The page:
It sounds like you are doing great! They warned me several times at the hospital to try to stay ahead of the pain as much as possible. Don't be afraid to take the medicine they give you. If it causes any negative effects (loss of appetite, constipation), call your surgeon's team for advice. The nurses have heard it all and can tell you just what to do. Or you can check in here from some folks who have been there and can give their suggestions. Being in less pain usually means that you can be somewhat more mobile. Walking around the house until you can walk around the neighborhood is definately a step in the right direction. Mind you, if it is as cold where you are as it is where I live (Delaware), you need to stick with somewhere heated and inside. If it is too cold for a walk outside when you are ready for more than the length of your residence, a treadmill on very slow with the safety tag attached to your shirt isn't a bad idea. I was lucky enough to live near a near empty mall with benches for walkers like me that needed a flat protected place to stroll. The senior citizens in their 90's were lapping me like crazy at first but after a few weeks I could (almost!) keep up with them. Oh well, progress comes eventually! Just keep doing what you can and soon you will be able to do more.

    They told me to stay hydrated too. If you get tired of water, you can flavor water with a little juice, try different kinds of teas, sip on hot bullion or chicken noodle soup with lots of broth, all that stuff. Your stitches won't pop if you cough, but it doesn't feel so good to say the least. Sometimes hugging a pillow, sitting up or bending over, pushing on your side,giving myself a two armed bear hug,or getting in a warm shower helped some when I just had to cough. The nurse told me to open a window or put a fan in my face if I felt short of breath. Oh, and stop crying. I had trouble doing that but she was rather no-nonsense about the fact that I couldn't give in to my tears even though I couldn't catch my breath and felt lousy. I was losing it and she practically came at me over the phone to quit it! It was the right thing for her to do though. Apparently crying makes coughing and breathing that much worse. Squishing clay, writing in a journal, or doing crafts were better stress relievers than crying. Good luck! I pray that your recovery goes well.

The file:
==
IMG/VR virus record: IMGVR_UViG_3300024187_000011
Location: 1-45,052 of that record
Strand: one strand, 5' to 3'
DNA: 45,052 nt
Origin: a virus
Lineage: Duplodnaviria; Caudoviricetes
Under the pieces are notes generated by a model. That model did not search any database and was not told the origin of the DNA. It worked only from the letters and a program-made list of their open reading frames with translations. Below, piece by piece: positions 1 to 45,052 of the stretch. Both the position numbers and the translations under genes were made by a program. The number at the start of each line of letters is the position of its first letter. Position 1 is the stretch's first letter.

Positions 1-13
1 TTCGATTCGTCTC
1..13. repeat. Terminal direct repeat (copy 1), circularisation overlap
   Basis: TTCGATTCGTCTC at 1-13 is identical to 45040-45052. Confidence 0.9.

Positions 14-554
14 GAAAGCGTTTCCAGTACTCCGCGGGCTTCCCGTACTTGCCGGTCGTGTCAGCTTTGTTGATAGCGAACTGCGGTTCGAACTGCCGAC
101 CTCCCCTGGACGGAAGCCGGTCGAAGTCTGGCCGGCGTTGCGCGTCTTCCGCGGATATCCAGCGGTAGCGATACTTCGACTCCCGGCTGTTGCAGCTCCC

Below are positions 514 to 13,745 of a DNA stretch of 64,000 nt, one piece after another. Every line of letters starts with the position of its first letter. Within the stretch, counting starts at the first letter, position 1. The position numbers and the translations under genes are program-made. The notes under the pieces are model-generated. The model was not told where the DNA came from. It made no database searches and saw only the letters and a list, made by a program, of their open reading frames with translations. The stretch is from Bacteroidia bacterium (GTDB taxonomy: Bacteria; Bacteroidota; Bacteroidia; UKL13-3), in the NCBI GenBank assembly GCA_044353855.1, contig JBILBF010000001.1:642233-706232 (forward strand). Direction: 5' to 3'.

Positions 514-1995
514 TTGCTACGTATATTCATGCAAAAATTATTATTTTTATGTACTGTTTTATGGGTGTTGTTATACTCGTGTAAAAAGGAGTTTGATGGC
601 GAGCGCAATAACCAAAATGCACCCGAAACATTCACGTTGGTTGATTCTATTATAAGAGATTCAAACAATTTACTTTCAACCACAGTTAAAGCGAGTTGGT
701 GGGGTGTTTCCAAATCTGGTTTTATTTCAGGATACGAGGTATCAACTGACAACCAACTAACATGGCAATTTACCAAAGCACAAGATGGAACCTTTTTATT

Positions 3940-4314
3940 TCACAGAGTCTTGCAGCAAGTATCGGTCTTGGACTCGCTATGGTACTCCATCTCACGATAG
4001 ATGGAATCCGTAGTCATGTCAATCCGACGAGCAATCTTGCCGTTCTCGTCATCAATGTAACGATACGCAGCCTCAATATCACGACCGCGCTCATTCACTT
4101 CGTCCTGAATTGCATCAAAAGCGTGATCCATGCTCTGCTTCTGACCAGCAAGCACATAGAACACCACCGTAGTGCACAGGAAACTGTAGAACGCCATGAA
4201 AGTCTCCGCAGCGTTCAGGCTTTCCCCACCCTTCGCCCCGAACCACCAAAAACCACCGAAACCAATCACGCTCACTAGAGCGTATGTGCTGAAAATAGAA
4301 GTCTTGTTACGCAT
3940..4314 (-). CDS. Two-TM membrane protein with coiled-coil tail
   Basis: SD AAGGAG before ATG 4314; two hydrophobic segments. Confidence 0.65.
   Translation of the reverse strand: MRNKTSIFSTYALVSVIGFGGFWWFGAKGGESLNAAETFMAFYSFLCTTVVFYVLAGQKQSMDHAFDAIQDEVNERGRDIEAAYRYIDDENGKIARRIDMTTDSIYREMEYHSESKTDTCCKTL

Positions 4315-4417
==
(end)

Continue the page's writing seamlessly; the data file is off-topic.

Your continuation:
C. Abbott

    Hi C.Abbott,

    I think I am recovering well. My breathing is much better and the pain when I move and cough is not as severe. I have been taking Percocet but that really makes me groggy. So now I am able to take advil during the day and Hydocodone at bedtime.
    We got a copy of the pathology report yesterday and it
    has a lot of negatives on it, of course,
    there is a lot we don't understand.I'm still preparing for the worse and hoping for the best.
    I will post what I find out at from the Oncologist Tues.
    Happy New Year to everyone and I hope we all get lots of good news this year.

    LOVE Miss Mable
  • CHG
    CHG Member Posts: 34

    Hi C.Abbott,

    I think I am recovering well. My breathing is much better and the pain when I move and cough is not as severe. I have been taking Percocet but that really makes me groggy. So now I am able to take advil during the day and Hydocodone at bedtime.
    We got a copy of the pathology report yesterday and it
    has a lot of negatives on it, of course,
    there is a lot we don't understand.I'm still preparing for the worse and hoping for the best.
    I will post what I find out at from the Oncologist Tues.
    Happy New Year to everyone and I hope we all get lots of good news this year.

    LOVE Miss Mable

    miss mable
    Hi Miss Mable,
    It is good to hear that your recovery is coming along well. I had an upper right lobectomy three years ago. I did not have the VATS surgery. My surgeon removed my upper right lobe, twenty lymph nodes and one rib bone. Pathology was negative for all specimens and all margins were clean. I learned to take Alleve pain pills because the stonger stuff constipated me badly. I also drank fruit juices and water during the day. I had two cycles of adjuvant chem (taxol/carboplatin) after my surgery and I have had clean scans since. I still feel some numbness on my right side and I guess that will always be with me. I am very grateful to God, my doctors, family and friends.
    Carol